PRIMARY AND SECONDARY RESEARCH SOURCES
Brief summary of activityThis activity will look at different types of sources that can be used to research specific topics for radio programmes.
Aim of the activityTo identify different kind of sources available outside the ‘experts’ being used by mainstream media.
Expected OutcomesThe following activity will make the group aware of the different research sources that are available and important to community radio producers.
experience and skills requiredBroad knowledge of research sources and an understanding of the community radio ethos when it comes to define relevant information sources.
infrastructure, setting, resourcestraining room with chairs.
LengthAbout 40 minutes
MaterialsFlipchart and markers, writing Materials for Learners (not for vision impaired)
How the activity should take placeAsk participants to imagine they are in a shop and they are going to buy a new laptop. What would you ask the shop assistant? Take note of how the questions are being asked (are participants using the What, Where, Why, Who, When and How). Point out to participants that they have experienced what research is all about.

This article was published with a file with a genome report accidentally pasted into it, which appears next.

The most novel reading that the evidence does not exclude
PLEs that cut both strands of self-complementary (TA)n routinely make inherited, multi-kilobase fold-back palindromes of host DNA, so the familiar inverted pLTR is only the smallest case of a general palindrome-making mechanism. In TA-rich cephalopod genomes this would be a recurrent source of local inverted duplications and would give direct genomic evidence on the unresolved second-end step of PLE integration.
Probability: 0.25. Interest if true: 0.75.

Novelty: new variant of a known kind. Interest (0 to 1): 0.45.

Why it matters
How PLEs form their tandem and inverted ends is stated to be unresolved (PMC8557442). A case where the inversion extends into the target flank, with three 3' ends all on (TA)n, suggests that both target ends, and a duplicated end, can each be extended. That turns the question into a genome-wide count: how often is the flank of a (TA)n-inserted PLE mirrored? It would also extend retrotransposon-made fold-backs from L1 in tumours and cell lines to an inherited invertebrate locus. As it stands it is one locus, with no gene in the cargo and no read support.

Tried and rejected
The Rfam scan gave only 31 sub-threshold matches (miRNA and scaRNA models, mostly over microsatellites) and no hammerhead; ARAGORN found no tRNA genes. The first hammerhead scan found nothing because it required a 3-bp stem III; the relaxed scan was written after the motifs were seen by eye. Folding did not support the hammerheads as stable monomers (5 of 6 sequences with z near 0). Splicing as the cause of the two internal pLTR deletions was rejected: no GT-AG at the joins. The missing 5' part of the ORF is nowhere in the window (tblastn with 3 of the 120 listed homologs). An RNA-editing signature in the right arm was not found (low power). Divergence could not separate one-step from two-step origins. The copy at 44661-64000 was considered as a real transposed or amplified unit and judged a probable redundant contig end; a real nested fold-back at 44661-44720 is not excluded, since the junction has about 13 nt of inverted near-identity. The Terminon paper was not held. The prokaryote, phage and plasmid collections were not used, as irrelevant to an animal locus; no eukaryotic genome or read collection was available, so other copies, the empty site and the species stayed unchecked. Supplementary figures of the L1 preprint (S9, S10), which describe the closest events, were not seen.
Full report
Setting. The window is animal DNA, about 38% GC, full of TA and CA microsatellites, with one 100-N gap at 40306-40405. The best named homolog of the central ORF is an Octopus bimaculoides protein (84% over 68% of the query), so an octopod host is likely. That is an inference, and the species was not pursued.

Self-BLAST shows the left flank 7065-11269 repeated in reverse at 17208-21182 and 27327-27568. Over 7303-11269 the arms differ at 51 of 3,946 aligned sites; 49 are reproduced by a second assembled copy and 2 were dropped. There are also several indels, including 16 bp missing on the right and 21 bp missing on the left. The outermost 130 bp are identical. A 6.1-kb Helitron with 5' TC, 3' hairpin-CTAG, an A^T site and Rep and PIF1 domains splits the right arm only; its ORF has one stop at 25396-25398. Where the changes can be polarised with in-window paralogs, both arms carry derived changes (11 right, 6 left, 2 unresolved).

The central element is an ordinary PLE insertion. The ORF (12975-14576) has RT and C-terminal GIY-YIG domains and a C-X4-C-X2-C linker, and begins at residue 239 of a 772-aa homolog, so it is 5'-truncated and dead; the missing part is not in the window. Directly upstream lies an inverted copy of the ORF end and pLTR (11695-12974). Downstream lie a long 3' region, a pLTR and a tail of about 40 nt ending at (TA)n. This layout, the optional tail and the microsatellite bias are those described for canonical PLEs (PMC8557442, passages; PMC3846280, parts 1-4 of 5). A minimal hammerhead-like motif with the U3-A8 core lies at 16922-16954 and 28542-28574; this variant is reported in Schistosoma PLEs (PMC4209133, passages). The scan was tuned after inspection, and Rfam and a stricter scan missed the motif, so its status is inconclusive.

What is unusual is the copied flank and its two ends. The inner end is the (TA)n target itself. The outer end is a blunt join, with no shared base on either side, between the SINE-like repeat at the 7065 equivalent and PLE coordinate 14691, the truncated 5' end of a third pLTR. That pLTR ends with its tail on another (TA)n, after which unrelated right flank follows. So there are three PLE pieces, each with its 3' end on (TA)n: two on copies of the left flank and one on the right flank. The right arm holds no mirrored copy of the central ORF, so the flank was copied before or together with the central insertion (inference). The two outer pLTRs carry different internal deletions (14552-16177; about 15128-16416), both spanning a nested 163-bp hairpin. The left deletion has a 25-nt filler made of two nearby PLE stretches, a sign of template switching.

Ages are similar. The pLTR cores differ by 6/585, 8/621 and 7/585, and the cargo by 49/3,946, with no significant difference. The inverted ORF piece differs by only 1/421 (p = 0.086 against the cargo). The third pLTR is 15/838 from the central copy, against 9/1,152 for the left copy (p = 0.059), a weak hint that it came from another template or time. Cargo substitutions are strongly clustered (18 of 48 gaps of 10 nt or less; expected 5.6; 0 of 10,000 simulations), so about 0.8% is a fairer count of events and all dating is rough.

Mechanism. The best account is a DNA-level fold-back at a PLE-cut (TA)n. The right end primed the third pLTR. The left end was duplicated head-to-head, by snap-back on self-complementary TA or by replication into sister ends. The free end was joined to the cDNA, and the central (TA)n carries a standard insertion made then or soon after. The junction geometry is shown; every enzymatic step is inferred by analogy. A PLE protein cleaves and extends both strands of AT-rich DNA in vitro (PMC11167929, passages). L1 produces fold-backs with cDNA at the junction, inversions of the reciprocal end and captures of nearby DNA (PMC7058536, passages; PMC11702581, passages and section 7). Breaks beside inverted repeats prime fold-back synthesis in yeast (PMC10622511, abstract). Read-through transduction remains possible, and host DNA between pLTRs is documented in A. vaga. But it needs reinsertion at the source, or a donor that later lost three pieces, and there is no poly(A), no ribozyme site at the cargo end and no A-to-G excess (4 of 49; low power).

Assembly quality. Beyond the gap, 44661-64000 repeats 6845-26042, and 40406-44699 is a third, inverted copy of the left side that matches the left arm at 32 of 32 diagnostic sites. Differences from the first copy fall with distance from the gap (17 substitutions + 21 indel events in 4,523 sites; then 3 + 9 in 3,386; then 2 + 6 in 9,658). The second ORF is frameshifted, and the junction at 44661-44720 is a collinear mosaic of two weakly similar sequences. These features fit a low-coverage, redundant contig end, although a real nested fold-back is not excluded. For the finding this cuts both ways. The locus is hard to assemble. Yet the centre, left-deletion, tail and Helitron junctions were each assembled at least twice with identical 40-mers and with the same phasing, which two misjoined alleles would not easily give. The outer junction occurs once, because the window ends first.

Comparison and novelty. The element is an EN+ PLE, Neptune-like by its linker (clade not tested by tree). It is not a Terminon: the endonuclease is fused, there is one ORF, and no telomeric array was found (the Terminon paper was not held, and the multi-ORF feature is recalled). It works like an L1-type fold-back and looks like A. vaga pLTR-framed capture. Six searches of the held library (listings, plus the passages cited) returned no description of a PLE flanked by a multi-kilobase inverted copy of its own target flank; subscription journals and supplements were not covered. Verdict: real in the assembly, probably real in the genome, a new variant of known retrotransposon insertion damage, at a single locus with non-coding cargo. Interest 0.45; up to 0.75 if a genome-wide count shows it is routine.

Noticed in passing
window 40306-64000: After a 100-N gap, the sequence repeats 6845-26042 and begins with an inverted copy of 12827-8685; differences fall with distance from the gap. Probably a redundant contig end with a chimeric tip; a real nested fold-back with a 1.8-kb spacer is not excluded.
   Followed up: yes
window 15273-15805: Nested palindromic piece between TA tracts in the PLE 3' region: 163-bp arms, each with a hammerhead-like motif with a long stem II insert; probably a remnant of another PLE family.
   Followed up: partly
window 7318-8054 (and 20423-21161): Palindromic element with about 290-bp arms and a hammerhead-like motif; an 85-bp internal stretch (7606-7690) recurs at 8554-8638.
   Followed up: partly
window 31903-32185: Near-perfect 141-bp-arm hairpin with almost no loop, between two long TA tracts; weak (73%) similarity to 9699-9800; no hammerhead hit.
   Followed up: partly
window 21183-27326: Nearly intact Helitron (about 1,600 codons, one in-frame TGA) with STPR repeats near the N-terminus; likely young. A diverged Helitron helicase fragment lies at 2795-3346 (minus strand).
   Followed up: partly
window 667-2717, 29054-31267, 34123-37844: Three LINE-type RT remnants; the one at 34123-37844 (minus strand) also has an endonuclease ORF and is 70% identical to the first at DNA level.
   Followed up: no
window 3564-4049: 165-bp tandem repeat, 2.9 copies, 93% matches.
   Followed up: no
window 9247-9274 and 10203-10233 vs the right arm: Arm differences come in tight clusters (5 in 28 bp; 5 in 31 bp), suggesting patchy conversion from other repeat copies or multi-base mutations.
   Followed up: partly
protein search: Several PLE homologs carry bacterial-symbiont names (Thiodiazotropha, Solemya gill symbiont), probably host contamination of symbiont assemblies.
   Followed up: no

Offer participants a definition for Research: “To Collect information on a subject” and point out that Research does not have to be an academic task.
AS participants to brainstorm places where they can access information. Explain that these sources are part of the research process.
Ask participants tools to find information, and list them on the flipchart. They should include
Ask participants what they think it is important when researching for information.
Prompt them if necessary:
Take notes carefully
Use Key Words
Check source is up to date
Scan info and then pick relevant material
Acknowledge all sources
File your notes
Double check facts!!
Give brief definition of secondary and primary sources.
A primary source provides direct or first-hand evidence about an event, object, person, or work of art. Primary sources include historical and legal documents, eyewitness accounts, and results of experiments, statistical data, pieces of creative writing, audio and video recordings, speeches, and art objects. Secondary forces are the ‘experts’ that offer an interpretation on the events, as they haven’t witnessed or experienced them.
For a story of a local football match - Primary sources could be interviews with players and fans, match programme, statistics on the two teams.
Secondary Source could be the newspaper report on the match.
Recommended max. number of participants and trainees to trainers ratio10 to 1
4 to 1 for Vision Impaired/Blind learners and trainees with learning difficulties.